As a result, because no wars were fought in pre-Islamic and Pre-Christian Africa on the basis of religion, only a limited number of such wars were witnessed in Africa’s Islamic and Christian times. Ibn Battuta himself, the great Arab traveler of the 14th century, testified to the pacifist and non-aggressive spirit of the Islamicized African areas that he visited. He, for instance, expressed amazement when he came across Islamicized African tribes and kingdoms that seemed to practice Islam in ways that would have appeared utterly sinful to the Arabs. For instance, Ibn Battuta found it scandalous that Islamicized Africans should let their women go freely and unveiled about the community, and allow them to be alone with male companions that were not their husbands. He also testified to the incredible benevolence, righteousness and generosity of the African “kings” that he encountered. As a result of the above, a few more questions come to mind. What, in God’s name, made the Africans depart from their tolerant tradition in order to wholeheartedly embrace religions of oppression that were doomed to turn them against one another? Could the current Nigerian crises mean that Africans have now integrated the cultural aggressivity and intolerance that was so characteristic of Western and Arab holy warriors and missionaries?

I unfortunately have no answers to these questions. However, one thing is sure: despite the existing vestiges of its own indigenous cultures, Africa now seems to stand out as a cultural void that can define itself only according to how those who conquered it defined its cultural, and even political, universe. Because of this paradoxical tendency of the continent to see itself only through the eyes of its imported cultures, one may argue that, in fact, the grand design of the many racist European philosophers and rulers who, since the 16th century, advocated the conquest of Africa in order to save the continent from itself has now been achieved.

It also remains that, even today, the West still refuses to see value in anything African. One of the manifestations of this cultural reductionism is utterly visible on the World Factbook Web site of America’s Central Intelligence Agency (CIA), where there seems to be an obvious and deliberate effort by the American government not to recognize African religions, among other indigenous religions of the third world, as valuable expressions of cultural identities.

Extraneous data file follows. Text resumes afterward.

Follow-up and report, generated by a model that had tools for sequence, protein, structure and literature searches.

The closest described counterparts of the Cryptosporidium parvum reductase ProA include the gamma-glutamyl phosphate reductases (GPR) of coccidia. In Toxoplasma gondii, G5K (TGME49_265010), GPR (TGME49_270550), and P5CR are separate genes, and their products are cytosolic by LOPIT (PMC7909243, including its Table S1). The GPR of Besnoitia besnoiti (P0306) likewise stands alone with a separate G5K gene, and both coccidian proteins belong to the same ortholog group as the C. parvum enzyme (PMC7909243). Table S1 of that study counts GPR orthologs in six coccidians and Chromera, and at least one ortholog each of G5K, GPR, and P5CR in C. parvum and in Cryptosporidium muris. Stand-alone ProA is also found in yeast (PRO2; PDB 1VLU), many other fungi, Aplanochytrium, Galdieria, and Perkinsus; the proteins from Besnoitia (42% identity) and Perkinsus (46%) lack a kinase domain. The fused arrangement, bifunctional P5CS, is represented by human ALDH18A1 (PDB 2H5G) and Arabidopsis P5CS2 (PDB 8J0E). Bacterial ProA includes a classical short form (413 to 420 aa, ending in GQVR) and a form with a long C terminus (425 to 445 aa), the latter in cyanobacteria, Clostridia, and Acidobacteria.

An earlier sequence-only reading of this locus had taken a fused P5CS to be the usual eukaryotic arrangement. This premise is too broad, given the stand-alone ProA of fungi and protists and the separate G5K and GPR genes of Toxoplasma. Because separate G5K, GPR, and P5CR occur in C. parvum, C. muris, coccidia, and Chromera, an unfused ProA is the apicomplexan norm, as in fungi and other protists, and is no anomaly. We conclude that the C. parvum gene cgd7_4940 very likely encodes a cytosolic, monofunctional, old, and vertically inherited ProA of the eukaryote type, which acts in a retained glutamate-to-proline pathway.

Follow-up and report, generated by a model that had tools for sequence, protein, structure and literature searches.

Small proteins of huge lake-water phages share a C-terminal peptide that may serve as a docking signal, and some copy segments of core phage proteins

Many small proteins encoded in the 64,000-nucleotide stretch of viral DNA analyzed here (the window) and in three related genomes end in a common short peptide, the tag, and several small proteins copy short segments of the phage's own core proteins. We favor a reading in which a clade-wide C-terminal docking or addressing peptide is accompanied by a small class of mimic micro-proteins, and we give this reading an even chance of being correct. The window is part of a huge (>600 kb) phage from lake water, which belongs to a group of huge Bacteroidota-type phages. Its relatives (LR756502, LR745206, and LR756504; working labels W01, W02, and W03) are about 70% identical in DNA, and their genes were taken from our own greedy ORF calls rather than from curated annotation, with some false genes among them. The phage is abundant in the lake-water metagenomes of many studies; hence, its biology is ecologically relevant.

Thus, in the descriptions provided on the African countries that are listed on the CIA World Factbook site (World Factbook 1999), the imported religions are given a prominence that seems to negate the essence of Africa’s indigenous religious practices. For instance, on the pages describing such countries as Senegal and CONGO (DRC), one reads the following:

SENEGAL Religions:
Muslim 92%, indigenous beliefs 6%, Christian 2% (mostly Roman Catholic)

CONGO (DRC) Religions:
Roman Catholic 50%, Protestant 20%, Kimbanguist 10%, Muslim 10%, other syncretic sects and traditional beliefs 10% What is wrong with such readings of religious practices in Africa?

First, there are the derogative terms that seem to always accompany African practices. Its religions are not considered as “pure religions” or “religions.” Rather, they are seen as “indigenous beliefs”, “syncretic sects,” “traditional and animistic” beliefs, among other epithets.

Second, there is the totally erroneous reading of the importance of each religious practice. Because Africans tend not to define themselves in the absolutist and segmentarist way in which Westerners see the world, they do not often see their religions as exclusive. In other words, they do not see a major problem in being both a Christian and a believer in traditional religions, or both a Muslim and an “animist.” They can be all at the same time, using each depending on the context and the circumstances, thus going counter to Islam and Christianity’s exclusive requirements of renunciation. According to these, one can have only one religion at a time. The assumption is therefore that once one has accepted to become a Christian or a moslem, he can no longer be African in culture and tradition. But this would be to totally ignore the spirit of inclusion and integration of African cultures. Consequently, to render justice to Africa’s tolerant, integrative and non exclusive view of the world, the CIA’s descriptions should read as follows: